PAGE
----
Pirkei Avot begins by establishing a line of Torah transmission that begins with Moses and will continue through all of the Sages quoted in the forthcoming chapters.  That chain—in which we, our children and grandchildren are the latest links—embraces both commitment to tradition and creative innovation.  Each generation pays homage to their teachers and reinterprets their wisdom to meet the needs of changing times and circumstances.

The story is told of a congregant who asks the new rabbi why she sometimes modifies or departs from the practices of the previous rabbi—her father.  She replies: “In fact, I diligently follow my father’s example—just as he honored his own rabbinic father by finding his own way, so do I.”

Rabbi Abraham Isaac Kook taught: “The old must be made new, and the new must be made holy.”

How can we creatively honor and renew our own familial and communal traditions?


Friday, October 7, 2022

Kol Nidre 5783: In Hopelessness, Hope



A podcast interview from a couple months ago poised a challenge I’ve been wrestling with in anticipation of these Days of Awe.  The speaker—English poet, playwright and hip-hop artist Kae Tempest—lamented: 

Sometimes I feel like hope is the most antagonistic, violent concept.  Sometimes I hate the thought of it.  It feels so untrue and unreal, so far away from the reality of what it’s like to persevere.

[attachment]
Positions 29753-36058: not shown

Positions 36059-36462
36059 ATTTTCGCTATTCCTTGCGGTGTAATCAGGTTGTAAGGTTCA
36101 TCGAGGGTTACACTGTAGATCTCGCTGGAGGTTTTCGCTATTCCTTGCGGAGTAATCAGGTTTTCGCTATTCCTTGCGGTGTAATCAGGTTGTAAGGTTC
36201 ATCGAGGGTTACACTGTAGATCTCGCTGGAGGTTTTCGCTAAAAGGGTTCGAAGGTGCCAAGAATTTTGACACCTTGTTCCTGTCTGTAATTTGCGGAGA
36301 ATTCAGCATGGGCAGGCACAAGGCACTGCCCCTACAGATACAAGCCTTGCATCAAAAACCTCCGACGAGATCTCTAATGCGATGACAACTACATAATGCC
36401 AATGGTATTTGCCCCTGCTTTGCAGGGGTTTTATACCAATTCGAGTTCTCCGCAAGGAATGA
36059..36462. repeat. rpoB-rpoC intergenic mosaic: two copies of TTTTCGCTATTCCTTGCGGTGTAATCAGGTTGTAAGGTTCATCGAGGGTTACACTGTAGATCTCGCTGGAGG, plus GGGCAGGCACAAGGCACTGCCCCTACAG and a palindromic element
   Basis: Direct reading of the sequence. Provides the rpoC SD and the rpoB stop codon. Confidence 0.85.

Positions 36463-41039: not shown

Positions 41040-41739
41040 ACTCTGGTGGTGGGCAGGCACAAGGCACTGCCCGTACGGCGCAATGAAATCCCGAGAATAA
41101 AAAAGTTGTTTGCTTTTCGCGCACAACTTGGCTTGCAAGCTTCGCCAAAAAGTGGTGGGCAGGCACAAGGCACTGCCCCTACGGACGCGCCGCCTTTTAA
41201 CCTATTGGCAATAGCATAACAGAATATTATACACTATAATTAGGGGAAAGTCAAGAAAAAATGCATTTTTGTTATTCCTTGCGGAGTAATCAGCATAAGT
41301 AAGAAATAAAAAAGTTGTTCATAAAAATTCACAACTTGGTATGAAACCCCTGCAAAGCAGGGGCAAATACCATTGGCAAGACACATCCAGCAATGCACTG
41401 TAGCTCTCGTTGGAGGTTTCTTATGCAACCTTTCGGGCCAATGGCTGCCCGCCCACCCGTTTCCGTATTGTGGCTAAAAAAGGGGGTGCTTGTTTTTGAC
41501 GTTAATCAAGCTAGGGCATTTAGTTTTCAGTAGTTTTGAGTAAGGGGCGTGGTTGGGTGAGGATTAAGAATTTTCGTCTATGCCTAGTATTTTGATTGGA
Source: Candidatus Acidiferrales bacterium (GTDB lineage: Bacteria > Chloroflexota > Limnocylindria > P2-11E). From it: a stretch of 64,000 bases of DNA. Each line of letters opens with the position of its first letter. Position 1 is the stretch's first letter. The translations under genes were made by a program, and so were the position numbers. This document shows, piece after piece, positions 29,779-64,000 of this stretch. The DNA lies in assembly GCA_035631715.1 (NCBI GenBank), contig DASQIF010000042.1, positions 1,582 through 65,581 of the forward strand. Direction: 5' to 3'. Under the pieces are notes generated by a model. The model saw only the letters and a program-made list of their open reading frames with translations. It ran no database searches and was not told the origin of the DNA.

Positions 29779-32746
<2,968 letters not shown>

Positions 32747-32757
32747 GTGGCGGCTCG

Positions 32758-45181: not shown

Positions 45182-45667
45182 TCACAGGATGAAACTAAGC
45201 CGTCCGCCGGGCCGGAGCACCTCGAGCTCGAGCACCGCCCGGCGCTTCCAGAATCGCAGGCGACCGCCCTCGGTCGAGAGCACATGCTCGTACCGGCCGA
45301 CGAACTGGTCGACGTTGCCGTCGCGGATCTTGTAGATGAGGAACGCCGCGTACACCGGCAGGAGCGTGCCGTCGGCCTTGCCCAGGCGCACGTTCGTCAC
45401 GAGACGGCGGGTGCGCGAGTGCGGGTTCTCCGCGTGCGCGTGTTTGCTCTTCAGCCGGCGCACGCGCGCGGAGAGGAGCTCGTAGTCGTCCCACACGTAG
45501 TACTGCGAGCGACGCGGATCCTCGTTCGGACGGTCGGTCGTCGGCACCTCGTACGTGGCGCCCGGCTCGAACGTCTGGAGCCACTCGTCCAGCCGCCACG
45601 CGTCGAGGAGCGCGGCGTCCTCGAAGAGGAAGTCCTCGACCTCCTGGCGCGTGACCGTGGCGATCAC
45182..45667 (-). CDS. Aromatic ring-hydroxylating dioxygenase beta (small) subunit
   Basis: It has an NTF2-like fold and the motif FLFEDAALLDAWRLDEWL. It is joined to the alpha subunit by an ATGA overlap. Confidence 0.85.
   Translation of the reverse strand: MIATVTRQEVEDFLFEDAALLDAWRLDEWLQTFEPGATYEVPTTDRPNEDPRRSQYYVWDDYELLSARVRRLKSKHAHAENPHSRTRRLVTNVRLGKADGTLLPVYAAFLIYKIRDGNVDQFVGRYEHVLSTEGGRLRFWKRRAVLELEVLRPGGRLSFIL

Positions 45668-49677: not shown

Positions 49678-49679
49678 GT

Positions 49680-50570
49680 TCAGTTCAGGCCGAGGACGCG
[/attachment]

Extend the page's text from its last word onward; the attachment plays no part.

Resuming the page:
Her words took me aback. For most of my life, I’ve considered hope one of a very few unalloyed virtues that still hold across cultural divides—a vestige of sacredness in our fractured world.  Hope obviously undergirds most faith traditions, but I’ve also witnessed its powerful pull on atheists, agnostics and, especially, sports fans of every persuasion.   What loyal booster of a habitually losing team hasn’t proffered the enduring credo, “Wait till next year!”  And even the most cynical of professions—politics—routinely traffics in the rhetoric of hope, from Ronald Reagan’s “city on a hill” to Shepard Fairy’s iconic poster of Barack Obama.  

As a rabbi, I have been asked to offer hope to dejected health care workers and exasperated activists weary of losing battles in our state legislature.  These good folks sought me out as a representative of the Jewish people, who have endured millennia of suffering yet still proudly sing our national anthem, HaTikvah—the Hope.  While I’m no expert on maintaining hope in hard times, I have done my best to respond with an open ear and empathetic heart.